May 2013

The accuracy of federal education data

Correcting mistakes may be an essential part of a good education, but that doesn’t apply inside the branch of the U.S. government that compiles and keeps education statistics. Indeed, the National Center for Education Statistics (NCES) knowingly leaves in errors that are discovered two to three years later. And then this error-ridden data is used […]

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Data on teacher evaluations

Here’s a really wonky description of data studies on teacher evaluations, What Do We Know About the Tradeoffs Associated with Teacher Misclassification in High Stakes Personnel Decisions?, published by the Carnegie Foundation for the Advancement of Teaching on April 15, 2013.  In a nutshell, we make too many mistakes. Current evaluation systems tend to overlook many […]

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Data on bullying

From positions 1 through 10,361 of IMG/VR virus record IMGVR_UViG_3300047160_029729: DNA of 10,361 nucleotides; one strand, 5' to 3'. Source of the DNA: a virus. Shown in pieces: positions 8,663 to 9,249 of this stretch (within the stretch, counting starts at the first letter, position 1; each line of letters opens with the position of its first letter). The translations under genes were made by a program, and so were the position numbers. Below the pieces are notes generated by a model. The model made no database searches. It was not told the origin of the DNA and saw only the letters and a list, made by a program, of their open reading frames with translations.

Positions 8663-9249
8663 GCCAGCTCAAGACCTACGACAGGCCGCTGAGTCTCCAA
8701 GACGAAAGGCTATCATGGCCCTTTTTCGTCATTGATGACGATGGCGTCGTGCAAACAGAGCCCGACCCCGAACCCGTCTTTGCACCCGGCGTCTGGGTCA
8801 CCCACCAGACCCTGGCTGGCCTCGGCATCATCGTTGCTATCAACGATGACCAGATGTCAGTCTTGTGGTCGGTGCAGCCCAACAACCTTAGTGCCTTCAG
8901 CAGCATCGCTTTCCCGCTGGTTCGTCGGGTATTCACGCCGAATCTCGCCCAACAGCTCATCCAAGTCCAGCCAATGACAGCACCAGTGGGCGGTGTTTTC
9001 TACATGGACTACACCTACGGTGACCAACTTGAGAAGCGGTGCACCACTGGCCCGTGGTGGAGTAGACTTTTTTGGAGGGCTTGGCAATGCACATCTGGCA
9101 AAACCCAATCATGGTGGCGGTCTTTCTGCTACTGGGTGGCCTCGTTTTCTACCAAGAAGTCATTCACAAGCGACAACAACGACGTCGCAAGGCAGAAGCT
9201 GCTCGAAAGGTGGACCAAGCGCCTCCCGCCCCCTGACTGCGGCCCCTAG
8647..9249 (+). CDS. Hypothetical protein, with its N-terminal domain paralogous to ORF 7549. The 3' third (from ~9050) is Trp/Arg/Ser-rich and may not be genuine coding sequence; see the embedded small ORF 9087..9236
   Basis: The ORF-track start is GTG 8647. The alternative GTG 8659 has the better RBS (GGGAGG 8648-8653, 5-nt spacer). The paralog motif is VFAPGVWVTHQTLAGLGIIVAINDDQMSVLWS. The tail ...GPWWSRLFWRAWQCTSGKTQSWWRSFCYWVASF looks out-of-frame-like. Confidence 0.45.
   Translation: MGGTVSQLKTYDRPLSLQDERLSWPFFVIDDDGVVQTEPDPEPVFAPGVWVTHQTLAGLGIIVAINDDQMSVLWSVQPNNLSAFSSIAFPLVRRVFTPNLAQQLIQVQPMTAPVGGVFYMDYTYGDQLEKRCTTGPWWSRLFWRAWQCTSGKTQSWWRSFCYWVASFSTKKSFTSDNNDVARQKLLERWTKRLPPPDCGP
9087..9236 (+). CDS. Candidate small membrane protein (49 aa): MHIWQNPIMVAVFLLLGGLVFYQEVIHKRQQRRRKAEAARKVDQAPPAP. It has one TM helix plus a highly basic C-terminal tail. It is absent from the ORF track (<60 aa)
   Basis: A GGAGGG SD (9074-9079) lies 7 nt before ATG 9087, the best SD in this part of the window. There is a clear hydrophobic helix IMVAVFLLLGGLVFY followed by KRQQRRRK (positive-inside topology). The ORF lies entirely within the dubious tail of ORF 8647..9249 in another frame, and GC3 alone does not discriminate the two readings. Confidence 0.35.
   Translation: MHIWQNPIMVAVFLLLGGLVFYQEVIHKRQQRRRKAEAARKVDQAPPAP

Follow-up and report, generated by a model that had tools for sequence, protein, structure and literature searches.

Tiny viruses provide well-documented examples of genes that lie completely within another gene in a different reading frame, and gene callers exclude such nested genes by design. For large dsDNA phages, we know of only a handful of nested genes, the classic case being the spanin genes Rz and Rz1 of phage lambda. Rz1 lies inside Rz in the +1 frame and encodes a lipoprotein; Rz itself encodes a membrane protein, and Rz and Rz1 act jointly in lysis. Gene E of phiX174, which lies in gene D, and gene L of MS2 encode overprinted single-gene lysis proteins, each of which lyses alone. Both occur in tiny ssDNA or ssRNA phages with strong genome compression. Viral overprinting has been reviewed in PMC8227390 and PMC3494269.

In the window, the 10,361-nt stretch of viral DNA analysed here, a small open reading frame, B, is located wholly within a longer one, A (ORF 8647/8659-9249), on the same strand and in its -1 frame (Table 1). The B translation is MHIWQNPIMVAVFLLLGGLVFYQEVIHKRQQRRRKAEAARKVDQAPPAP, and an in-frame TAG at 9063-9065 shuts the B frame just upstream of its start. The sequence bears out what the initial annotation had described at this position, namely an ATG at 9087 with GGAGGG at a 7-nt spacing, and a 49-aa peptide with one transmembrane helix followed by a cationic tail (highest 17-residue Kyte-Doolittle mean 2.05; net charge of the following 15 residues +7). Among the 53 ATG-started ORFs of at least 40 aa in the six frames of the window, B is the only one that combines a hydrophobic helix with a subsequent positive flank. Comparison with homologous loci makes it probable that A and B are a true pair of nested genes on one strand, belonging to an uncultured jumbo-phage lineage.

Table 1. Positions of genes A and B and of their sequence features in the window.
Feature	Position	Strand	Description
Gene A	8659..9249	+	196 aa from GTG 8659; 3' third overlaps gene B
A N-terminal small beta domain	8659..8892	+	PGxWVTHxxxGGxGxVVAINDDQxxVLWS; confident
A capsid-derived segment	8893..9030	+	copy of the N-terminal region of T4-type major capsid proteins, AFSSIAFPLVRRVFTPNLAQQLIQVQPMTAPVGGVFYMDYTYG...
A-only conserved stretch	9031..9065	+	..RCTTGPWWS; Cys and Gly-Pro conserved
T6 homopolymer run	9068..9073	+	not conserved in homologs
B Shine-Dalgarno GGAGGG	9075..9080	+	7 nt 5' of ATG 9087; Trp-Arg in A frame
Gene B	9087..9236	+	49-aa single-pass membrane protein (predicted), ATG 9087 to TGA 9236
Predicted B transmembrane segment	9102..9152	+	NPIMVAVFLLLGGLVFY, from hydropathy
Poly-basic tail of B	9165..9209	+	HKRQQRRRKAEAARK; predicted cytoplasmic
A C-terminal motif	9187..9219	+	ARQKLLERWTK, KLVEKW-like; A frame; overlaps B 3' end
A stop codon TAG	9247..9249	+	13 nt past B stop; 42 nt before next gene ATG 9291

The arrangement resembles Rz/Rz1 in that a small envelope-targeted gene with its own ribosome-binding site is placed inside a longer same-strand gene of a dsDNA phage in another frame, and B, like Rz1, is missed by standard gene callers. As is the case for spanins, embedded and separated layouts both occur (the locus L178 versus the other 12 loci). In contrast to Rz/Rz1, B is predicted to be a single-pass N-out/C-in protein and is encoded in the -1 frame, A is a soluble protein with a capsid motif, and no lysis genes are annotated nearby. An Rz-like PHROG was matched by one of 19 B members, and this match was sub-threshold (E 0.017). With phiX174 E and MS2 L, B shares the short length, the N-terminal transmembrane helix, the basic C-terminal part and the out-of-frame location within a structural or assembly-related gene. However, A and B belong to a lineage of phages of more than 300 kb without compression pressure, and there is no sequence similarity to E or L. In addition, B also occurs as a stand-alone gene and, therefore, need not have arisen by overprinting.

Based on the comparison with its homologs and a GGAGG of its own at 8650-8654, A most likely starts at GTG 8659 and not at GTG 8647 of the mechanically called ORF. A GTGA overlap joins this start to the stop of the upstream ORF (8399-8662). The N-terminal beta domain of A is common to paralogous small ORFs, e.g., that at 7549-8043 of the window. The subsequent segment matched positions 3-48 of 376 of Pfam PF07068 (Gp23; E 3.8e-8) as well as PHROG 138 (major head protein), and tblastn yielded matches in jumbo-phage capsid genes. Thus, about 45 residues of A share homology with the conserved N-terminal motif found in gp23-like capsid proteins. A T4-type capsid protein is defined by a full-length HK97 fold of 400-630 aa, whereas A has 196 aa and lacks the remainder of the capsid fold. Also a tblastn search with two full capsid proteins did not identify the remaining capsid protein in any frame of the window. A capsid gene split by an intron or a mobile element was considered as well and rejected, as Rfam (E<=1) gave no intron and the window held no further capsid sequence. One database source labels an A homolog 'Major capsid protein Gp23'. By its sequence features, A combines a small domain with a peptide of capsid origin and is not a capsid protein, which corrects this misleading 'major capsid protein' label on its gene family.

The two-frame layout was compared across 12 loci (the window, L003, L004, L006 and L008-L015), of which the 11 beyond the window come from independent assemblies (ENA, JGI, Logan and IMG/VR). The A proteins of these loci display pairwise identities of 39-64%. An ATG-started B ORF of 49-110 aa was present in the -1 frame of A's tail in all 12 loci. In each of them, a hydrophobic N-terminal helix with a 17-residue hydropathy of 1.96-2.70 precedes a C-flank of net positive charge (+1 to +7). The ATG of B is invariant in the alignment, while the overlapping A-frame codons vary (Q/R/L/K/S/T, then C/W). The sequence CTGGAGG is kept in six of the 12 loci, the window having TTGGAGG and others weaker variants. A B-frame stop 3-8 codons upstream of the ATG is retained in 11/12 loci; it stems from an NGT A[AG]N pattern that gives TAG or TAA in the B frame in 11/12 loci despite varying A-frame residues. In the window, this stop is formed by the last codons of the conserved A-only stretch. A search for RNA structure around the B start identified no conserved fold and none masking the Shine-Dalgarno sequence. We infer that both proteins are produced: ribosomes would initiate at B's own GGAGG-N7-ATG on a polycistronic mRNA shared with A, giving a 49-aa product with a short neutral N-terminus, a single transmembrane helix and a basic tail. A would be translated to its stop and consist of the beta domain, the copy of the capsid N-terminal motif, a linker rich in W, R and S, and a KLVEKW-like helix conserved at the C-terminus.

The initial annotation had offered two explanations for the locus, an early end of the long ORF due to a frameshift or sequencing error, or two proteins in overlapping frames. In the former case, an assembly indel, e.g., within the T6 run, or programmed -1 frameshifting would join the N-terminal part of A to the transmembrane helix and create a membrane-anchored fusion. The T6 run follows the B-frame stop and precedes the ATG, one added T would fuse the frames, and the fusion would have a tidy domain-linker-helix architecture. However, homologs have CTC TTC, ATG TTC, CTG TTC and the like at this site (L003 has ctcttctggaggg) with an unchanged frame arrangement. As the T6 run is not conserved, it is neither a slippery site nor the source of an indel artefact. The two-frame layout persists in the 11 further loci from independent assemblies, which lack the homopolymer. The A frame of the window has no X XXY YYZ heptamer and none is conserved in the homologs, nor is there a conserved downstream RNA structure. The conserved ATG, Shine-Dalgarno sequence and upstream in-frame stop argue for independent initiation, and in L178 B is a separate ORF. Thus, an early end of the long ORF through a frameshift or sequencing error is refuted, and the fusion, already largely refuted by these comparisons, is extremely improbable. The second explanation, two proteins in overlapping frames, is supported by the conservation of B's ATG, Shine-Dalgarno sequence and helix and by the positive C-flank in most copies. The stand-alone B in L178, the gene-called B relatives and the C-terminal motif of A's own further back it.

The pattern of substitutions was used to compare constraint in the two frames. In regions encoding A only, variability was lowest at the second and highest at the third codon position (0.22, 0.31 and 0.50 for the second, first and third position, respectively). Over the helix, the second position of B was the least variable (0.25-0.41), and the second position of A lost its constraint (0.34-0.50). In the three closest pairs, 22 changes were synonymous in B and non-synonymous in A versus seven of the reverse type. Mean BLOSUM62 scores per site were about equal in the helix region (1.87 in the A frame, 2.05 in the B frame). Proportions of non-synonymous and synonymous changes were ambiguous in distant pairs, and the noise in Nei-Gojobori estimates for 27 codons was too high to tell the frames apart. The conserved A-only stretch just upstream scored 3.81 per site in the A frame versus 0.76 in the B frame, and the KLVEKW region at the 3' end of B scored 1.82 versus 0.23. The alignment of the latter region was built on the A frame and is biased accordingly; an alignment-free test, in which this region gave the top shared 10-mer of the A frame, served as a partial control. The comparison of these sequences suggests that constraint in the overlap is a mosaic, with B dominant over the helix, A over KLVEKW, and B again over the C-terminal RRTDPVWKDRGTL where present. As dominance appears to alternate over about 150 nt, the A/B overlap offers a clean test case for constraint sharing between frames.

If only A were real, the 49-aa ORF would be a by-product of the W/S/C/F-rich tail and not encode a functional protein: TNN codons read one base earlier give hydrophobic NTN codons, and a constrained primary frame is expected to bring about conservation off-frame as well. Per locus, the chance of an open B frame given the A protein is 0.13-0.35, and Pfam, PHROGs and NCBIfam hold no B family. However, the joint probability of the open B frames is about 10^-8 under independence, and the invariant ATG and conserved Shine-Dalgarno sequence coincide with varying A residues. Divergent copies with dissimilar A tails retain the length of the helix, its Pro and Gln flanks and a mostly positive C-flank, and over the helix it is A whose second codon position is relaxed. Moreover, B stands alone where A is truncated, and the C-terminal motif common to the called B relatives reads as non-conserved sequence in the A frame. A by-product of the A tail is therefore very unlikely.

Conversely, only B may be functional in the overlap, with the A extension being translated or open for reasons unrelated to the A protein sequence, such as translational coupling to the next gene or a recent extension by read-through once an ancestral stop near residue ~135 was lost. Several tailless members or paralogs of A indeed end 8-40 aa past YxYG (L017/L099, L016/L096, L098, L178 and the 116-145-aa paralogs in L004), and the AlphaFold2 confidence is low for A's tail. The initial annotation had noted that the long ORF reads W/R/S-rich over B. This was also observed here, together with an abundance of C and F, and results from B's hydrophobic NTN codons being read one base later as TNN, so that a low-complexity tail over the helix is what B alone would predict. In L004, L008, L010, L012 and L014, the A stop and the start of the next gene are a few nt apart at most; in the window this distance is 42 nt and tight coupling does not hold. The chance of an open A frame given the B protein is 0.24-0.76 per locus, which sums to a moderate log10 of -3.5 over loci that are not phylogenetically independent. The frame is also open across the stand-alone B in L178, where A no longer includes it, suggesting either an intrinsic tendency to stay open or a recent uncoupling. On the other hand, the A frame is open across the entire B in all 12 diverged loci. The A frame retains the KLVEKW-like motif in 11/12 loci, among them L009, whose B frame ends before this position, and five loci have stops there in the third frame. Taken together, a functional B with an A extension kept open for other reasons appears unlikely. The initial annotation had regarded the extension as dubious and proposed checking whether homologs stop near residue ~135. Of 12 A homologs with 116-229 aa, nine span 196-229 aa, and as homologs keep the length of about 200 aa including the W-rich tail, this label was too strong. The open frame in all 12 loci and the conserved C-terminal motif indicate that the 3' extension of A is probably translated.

It’s a myth that “bullying” at schools is a worse problem today than in the past, according to a task force report released on April 30 commissioned by the American Education Research Association (AERA). Indeed, major categories of bullying, such as being threatened by a weapon on school grounds have remained stable — between 7 […]

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Data on taking algebra in eighth grade, and the watering down of U.S. math instruction

Here’s some of the findings presented at a session on U.S. math instruction at the AERA annual meeting on Tuesday, April 30, 2013. Another data-driven study shows that the judgment of teachers can often be wrong. In a study of middle-school math education in a California school district, standardized test scores and grades were a […]

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